July 19, 2013
The romantic notion that adults come back to higher education for personal enrichment and self-directed intellectual pursuits does not hold water. After nearly 25 years working with adult students, I have met only a very small number who are pursuing a degree for the pure satisfaction of it. Instead, the vast majority are in it for a better life, which almost always translates to enhanced career outcomes.
This is largely because the decision to go back to school is not a simple one, nor one that most professionals can afford to make casually; the personal, financial and time commitments needed to obtain a degree that could lead to enhanced career success are simply too great. Thus, online experiential learning—as an approachable, malleable entry point with clearly practical applications—is a crucial building block in the ongoing growth of online and hybrid higher education systems, and a true alternative for working professionals trying to make it all fit.
For those who aren’t familiar with the term, online experiential learning infuses online curricula with the rich, hands-on practice that Northeastern’s co-op program does so well. It allows people with full-time lives to get an education while practicing in real time—online, with real organizations doing real work—what they’re learning in their classes.
This option couldn’t be more timely, or more necessary. A recent Wall Street Journal blog post references a 2011 study from Complete College America that states that only a quarter of college students in the United States are enrolled in residential full-time programs. The implications of this are huge for policy makers, educators and the American economy; the vast array of higher education policy and funding is targeted to this traditional audience, when three quarters of the student population are left out.
Beyond the policy implications, employability and jobs are the real story behind these data. The American economy—in fact, the world’s economy—is shifting faster than ever before. Simply to keep up, workers are seeing the need to retool and refresh more and more often. Gone are the days when 10 or 15 years on the job would be enough to gain deeper understanding of a change in one’s profession. Tapping into a university or college is a great accelerator that moves people ahead faster and further. Many adult students and employers, however, have discovered that a good deal of our educational system is slow at adapting to these new economic realities.
Employability skills are not to be confused with the vocational skills once associated with community colleges. In today’s work force, employees need sophisticated tools to manage complex regulatory environments; they need to know how to interpret complex data sets, analyze the effectiveness of communications strategies, develop project plans that span hundreds of people in multiple locations and incorporate effective planning tools in a financial strategy for an organization.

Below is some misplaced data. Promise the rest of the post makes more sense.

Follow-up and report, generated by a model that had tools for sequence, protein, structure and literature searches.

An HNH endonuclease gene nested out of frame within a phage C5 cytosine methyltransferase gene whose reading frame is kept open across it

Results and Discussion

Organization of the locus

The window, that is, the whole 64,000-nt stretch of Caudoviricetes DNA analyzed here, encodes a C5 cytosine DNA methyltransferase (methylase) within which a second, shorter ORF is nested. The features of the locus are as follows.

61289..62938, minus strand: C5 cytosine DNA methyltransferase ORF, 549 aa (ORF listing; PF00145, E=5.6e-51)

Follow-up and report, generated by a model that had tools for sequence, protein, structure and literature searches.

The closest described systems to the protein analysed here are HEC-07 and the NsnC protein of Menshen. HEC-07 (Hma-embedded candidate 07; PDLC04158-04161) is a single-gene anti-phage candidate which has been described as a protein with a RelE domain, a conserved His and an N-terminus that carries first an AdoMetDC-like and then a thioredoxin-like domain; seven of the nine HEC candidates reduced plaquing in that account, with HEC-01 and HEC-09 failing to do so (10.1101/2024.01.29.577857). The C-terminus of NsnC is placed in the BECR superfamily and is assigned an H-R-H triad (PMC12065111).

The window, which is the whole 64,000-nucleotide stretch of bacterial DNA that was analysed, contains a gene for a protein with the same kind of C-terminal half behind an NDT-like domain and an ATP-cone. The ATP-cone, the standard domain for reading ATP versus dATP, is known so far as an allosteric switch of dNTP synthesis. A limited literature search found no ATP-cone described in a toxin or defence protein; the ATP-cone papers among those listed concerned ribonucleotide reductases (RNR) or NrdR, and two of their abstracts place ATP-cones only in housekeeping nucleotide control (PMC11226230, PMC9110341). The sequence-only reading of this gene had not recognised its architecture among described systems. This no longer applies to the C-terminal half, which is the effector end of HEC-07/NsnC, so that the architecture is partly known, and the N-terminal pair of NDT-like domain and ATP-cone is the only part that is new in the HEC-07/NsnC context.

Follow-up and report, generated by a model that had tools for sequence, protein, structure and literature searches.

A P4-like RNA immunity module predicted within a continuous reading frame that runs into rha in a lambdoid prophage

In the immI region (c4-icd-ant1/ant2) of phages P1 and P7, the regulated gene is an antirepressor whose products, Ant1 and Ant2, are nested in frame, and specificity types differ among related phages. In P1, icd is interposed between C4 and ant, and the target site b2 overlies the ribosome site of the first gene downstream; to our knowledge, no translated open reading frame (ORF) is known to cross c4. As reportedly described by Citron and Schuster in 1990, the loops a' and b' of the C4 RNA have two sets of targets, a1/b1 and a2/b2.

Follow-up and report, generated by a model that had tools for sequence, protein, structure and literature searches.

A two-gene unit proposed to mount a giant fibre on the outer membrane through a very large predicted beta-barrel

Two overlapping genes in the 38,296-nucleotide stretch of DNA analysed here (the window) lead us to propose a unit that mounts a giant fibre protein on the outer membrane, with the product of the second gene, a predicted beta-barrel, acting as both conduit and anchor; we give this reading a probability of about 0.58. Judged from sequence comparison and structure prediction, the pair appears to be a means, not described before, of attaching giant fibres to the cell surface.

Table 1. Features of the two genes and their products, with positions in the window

This is the academic realm of a university education. And I believe that online experiential learning is a key to filling this need.
The design of online experiential curricula needs special attention. We cannot behave in a business-as-usual way if we are to prepare our students to be job-ready on day one. For example, consulting with business leaders, advisory boards, professional associations and recent alumni, we recently developed and launched a pilot of an online experiential learning class that will give some of our employed online students a chance to directly and immediately apply what they’re learning in class to real projects with their current employers. We’re excited to learn all we can about how to make this first-of-its-kind program a success for our faculty, our students and their employers.
And, as I have noted here on Aspire before, real world competencies need to be clearly identified—and classroom work plans need to be mapped to those competencies; this pilot makes that happen.
Some professional fields are very familiar with this process. As an example, aeronautics and health care programs have long been industry-aligned and industry-informed. In fact, the public, rightly concerned with their safety, has insisted on this alignment. These programs have very clear and measurable industry expectations and outcomes, coupled with experiential components that bolster their curricula.
This evolving methodology of developing learning platforms is still considered radical in some academic circles. But in order to meet the real world demands of our economy and the employability expectations of our students, we must transcend antiquated notions of curriculum development. In-depth understanding of theory and practice has to be the imperative to meet these modern challenges,and incorporating experiential learning into online and hybrid learning programs is not only a crucial step toward these goals—it’s an inevitable one. Let’s take it together.